Assume nothing: so many of the basic academic survival skills that we take as a given are just not there anymore.  A lot of students don't (and do not see the need to) read the syllabus, keep a planner, or calculate their GPA (let alone understand the conventions of academic writing, critical reading or the ethical use of source material).  We can express our frustration about this all we want, but it isn't going to change anything.  Last week, for example, there was a rash of all-campus emails expressing faculty consternation about students who make and then don't keep advising appointments.  Anyone who is surprised by the fact students aren't tracking on meetings and due dates either hasn't been teaching for very long or hasn't adjusted to the new reality.  It doesn't take much to address the problem: a simple email reminder to advisees each morning during advising week works wonders.   Should we have to do this?   No.  Ought we do it?  Why not if it gets the job done with less frustration?  Like I said, don't assume they will remember.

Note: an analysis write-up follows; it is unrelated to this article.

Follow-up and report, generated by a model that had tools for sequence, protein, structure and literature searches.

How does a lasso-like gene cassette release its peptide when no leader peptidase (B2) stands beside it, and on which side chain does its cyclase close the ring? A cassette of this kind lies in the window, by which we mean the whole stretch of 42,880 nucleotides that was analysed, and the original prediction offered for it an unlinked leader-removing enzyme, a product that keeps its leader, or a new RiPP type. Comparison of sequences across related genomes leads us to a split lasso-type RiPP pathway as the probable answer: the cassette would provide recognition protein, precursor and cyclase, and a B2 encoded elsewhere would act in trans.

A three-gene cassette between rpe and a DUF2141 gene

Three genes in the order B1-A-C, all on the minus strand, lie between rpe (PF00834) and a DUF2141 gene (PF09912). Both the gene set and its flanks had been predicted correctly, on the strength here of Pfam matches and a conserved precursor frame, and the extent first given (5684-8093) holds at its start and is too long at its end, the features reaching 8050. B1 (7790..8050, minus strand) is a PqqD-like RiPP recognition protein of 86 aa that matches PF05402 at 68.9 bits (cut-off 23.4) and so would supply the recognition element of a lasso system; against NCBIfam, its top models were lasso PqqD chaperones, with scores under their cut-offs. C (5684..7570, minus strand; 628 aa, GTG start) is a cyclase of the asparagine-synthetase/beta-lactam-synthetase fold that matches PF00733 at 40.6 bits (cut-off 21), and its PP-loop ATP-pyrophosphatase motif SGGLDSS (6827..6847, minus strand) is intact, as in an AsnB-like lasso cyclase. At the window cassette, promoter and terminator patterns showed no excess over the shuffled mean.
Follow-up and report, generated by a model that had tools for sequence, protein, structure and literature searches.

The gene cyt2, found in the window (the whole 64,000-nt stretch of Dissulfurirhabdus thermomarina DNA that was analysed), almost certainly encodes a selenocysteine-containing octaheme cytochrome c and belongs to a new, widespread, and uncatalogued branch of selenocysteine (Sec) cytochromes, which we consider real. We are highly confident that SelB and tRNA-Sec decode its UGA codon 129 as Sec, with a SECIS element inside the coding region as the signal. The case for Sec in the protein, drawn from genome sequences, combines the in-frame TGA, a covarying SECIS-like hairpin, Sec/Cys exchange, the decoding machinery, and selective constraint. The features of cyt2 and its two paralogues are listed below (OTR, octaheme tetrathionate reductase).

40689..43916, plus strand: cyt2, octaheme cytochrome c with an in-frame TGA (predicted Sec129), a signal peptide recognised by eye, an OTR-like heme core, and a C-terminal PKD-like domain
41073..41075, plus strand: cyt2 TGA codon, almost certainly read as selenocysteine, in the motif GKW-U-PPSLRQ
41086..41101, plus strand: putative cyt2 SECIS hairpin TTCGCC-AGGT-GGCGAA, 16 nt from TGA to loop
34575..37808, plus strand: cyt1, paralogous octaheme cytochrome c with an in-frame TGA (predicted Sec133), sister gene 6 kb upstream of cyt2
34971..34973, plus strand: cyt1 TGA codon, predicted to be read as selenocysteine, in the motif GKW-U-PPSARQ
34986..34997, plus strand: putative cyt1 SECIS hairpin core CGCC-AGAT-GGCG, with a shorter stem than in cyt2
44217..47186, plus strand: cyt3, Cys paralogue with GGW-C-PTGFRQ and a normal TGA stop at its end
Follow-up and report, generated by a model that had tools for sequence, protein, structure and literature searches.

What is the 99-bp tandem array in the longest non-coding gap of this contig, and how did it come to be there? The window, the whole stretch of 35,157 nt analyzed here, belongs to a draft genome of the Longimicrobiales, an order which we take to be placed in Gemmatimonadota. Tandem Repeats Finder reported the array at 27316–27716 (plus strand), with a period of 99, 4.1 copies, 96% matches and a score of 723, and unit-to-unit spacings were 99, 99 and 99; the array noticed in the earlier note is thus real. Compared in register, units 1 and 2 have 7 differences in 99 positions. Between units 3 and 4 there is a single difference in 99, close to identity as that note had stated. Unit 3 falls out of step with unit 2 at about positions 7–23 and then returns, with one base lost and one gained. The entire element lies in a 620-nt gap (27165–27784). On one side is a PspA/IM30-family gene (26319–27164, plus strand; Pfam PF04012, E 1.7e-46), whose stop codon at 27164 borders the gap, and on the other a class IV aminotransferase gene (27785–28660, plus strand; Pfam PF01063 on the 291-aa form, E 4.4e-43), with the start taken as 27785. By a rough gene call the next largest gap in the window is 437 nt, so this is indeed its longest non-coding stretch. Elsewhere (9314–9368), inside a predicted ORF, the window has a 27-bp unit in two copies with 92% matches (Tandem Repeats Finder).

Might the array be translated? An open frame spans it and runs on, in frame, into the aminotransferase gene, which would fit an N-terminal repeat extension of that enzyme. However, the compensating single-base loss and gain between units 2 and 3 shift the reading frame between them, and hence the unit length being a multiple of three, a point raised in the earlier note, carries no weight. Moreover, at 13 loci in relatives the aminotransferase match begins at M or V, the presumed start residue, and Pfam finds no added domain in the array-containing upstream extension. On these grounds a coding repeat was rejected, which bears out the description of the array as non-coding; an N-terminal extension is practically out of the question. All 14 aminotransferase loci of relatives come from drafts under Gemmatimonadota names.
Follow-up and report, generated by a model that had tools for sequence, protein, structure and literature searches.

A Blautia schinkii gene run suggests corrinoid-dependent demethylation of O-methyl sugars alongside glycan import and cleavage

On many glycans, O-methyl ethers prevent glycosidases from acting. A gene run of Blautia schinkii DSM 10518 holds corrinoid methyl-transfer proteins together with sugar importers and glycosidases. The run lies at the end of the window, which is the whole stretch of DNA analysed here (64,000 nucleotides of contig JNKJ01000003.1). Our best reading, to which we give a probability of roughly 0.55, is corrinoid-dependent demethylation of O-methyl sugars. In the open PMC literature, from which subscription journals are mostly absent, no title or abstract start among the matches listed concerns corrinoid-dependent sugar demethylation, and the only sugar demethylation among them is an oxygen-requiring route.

Teach material by teaching skills: there is a long (and quite frankly tedious) debate among professors about whether we have to get students up to speed before they are ready to think about more demanding material, or whether we can teach thinking and the material at the same time.  I am firmly in the latter camp.  If there is some benchmark of critical ability needed before we get to the demanding content, then we are unlikely ever to get there.  Yes, I teach demanding material, but I also have to teach them how to read it.  Yes, I want them to think critically, analytically, creatively, but I also have to as concretely as possible show students how to do this and why it matters.  My experience is students will do whatever you ask of them so long as you have been clear about what you want and why.  I mean they're underprepared, not broken.